I have a 1996 Jimmy and recently replaced the thermostat. I know the raditor drain plug is not too far under the coolant recovery tank, if not that, you may simply have a hole in the tank. From what I've heard, I would use caution using stop leak products, but I am far from an expert. The question is--- is it leaking or just always low on fluid. A leak in the tank is possible but another possibility is the head gasket is allowing compustion pressure to get into the cooling system and blowing it out---check to see if there are bubbles inside the tank when the engine is running ---a sure sign the latter is happening. Jeep recovery tanks often have cracks and leak where the hoses atttach.
Yes, stop leak turns into a thick substance to plug any leaks, when it ends up in the overflow bottle it turns into sludge there.
your Toyota should have an overflow bottle to retain the antifreeze during normal operations. Unless it is overfull, I would be looking for a leak.
Head Gasket leak most likely.
A leak. You need to see where it is coming from.
The coolant will normally leak into the oil or into the cylinder
It means that you have a coolant leak. You need to have the system pressure tested for leaks.
Most commonly this is due to overheating or a blown head gasket. Overheating causes the coolant to expand, and rush into the resevoir, then overflow it. When cool, the coolant that remains will be sucked back into the engine. A blown head gasket can cause the coolant to enter the firing chambers of the engine then be blown out the tailpipe, or the compression can leak into the coolant area and push the coolant out, or allow the coolant to get into the oil pan.
You might check your overflow tank for coolant. It might be too full
hi make sure you have not over filled the expansion bottle as coolent will come from the overflow pipe also its worth checking the two small hoses attached to the thermostat housing unit hope this helps john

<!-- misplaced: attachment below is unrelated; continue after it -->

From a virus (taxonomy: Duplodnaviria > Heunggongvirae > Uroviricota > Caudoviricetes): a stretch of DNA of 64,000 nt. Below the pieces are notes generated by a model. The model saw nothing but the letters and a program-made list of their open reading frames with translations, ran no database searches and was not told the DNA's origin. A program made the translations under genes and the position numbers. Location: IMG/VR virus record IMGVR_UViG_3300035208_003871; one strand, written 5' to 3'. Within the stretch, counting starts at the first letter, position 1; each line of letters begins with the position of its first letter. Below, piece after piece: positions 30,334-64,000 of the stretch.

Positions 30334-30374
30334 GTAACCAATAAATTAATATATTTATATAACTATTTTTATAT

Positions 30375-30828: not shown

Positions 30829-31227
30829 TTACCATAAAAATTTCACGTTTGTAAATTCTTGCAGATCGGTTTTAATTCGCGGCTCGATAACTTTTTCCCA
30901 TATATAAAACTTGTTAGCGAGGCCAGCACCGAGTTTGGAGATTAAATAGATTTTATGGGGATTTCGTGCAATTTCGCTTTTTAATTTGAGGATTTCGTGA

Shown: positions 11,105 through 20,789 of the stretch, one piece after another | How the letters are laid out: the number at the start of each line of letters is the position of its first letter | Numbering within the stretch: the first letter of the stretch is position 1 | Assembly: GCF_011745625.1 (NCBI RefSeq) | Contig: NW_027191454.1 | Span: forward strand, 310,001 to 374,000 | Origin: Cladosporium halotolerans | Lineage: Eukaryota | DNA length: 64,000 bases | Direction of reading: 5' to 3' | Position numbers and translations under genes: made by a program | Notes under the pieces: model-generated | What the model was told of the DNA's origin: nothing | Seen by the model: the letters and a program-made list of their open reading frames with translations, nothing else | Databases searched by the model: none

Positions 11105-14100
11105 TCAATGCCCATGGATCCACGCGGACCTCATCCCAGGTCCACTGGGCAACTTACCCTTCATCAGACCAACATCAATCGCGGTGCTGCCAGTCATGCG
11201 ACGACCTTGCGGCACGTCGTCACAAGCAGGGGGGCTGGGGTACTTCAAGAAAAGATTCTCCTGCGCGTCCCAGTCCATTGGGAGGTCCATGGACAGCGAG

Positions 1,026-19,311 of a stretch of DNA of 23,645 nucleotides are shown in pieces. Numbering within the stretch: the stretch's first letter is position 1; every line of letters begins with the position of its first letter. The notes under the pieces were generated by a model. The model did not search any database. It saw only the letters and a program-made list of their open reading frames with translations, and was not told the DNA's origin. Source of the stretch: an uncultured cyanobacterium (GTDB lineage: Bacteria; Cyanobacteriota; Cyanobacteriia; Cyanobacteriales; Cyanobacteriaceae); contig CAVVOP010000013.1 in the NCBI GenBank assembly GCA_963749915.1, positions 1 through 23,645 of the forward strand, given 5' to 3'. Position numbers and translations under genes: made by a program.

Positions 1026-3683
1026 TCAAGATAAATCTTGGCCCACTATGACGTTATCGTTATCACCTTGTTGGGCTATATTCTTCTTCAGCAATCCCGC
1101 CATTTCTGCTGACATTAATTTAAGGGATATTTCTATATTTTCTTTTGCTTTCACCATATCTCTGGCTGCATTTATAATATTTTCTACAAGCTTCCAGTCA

Have it pressure tested, the intake gaskets have probably failed.
Could be an airlock. try bleeding the system until the heaters are hot. If it keeps doing it the i would suspect cyl head gasket. Hope this helps
You may have a leak of coolant. Take your car to a shop and tell them you are smelling coolant and may have a leak.
You have a coolant leak.You have a coolant leak.
you have to find where the leak is first.
Leak in heater core
If a coolant leak were caused by brake work, I'd never have that person work on my brakes - ever. Just the brakes, I would think it highly unlikely that it would result in a coolant leak. If they were replacing the master cylinder, then I could see a possibility of someone inadvertently causing a coolant leak, but that would still even be a stretch.
Either theres a clog. or clogged on your engine blog or on your hose.
First I would let the car sit overnight. The next BEFORE starting the engine, open the hood and inspect the level of the coolant in the OVERFLOW JAR. If level is too high, adjust to proper level ( sometimes the container is accidently OVERFILLED ) . If it continues, extreme temps caused by one of many things is pushing the coolant out of the overflow tube
Possibly a leak in the coolant reservoir bottle.
No. It would leak coolant.
A blown head gasket could allow coolant to enter the combustion chamber from the water jacket. The coolant probably is running out the exhaust on first start-up. More often, you will notice the coolant being pumped out of the overflow as the exhaust gas pressurizes the coolant. You should look for this symptom when the engine warms up. Coolant in the exhaust on start-up and then the coolant overpressure overflow from the expansion tank or radiator happening together is almost sure indication of the head gasket failure.
You would have a coolant leak.
Just buy some new section of hose, pretty cheap.
First, if you only look after it has disappeared, there is no coolant left to be leaking Second, coolant will often leak only under pressure, when it expands from being hot. This often happens when the car is moving, so cannot be observed, or escapes as steam. These leaks can be from small cracks in hoses, often under the clips; from pinholes in the radiator body; from under the pressure cap if the seal is badly worn. If some coolant is already missing, the remainder will heat up faster, setting up a viscious cylcle. In vehicles with an overflow bottle, overheated water goes to the bottle, to be sucked back later by the reduced pressure as the water cools again. In extreme overheating (boiling) the coolant can overflow the bottle, so less is available for sucking back later. Also if the hose to the bottle is cracked or loose, the reduced pressure will suck in air instead of water from the bottle. This leads to a situation where the radiator is quite low (so susceptible to fast overheating) while the overflow bottle contains water, so the user thinks there is enough water and never refills it. Coolant can also leak into the engine block, but this will not "keep" happening, as quite a small amount will cause the engine to stop functioning.
A bad gasket can cause the air fuel mixture to enter the coolant stream, and cause bubbles in the overflow bottle. The gasket needs to be replaced.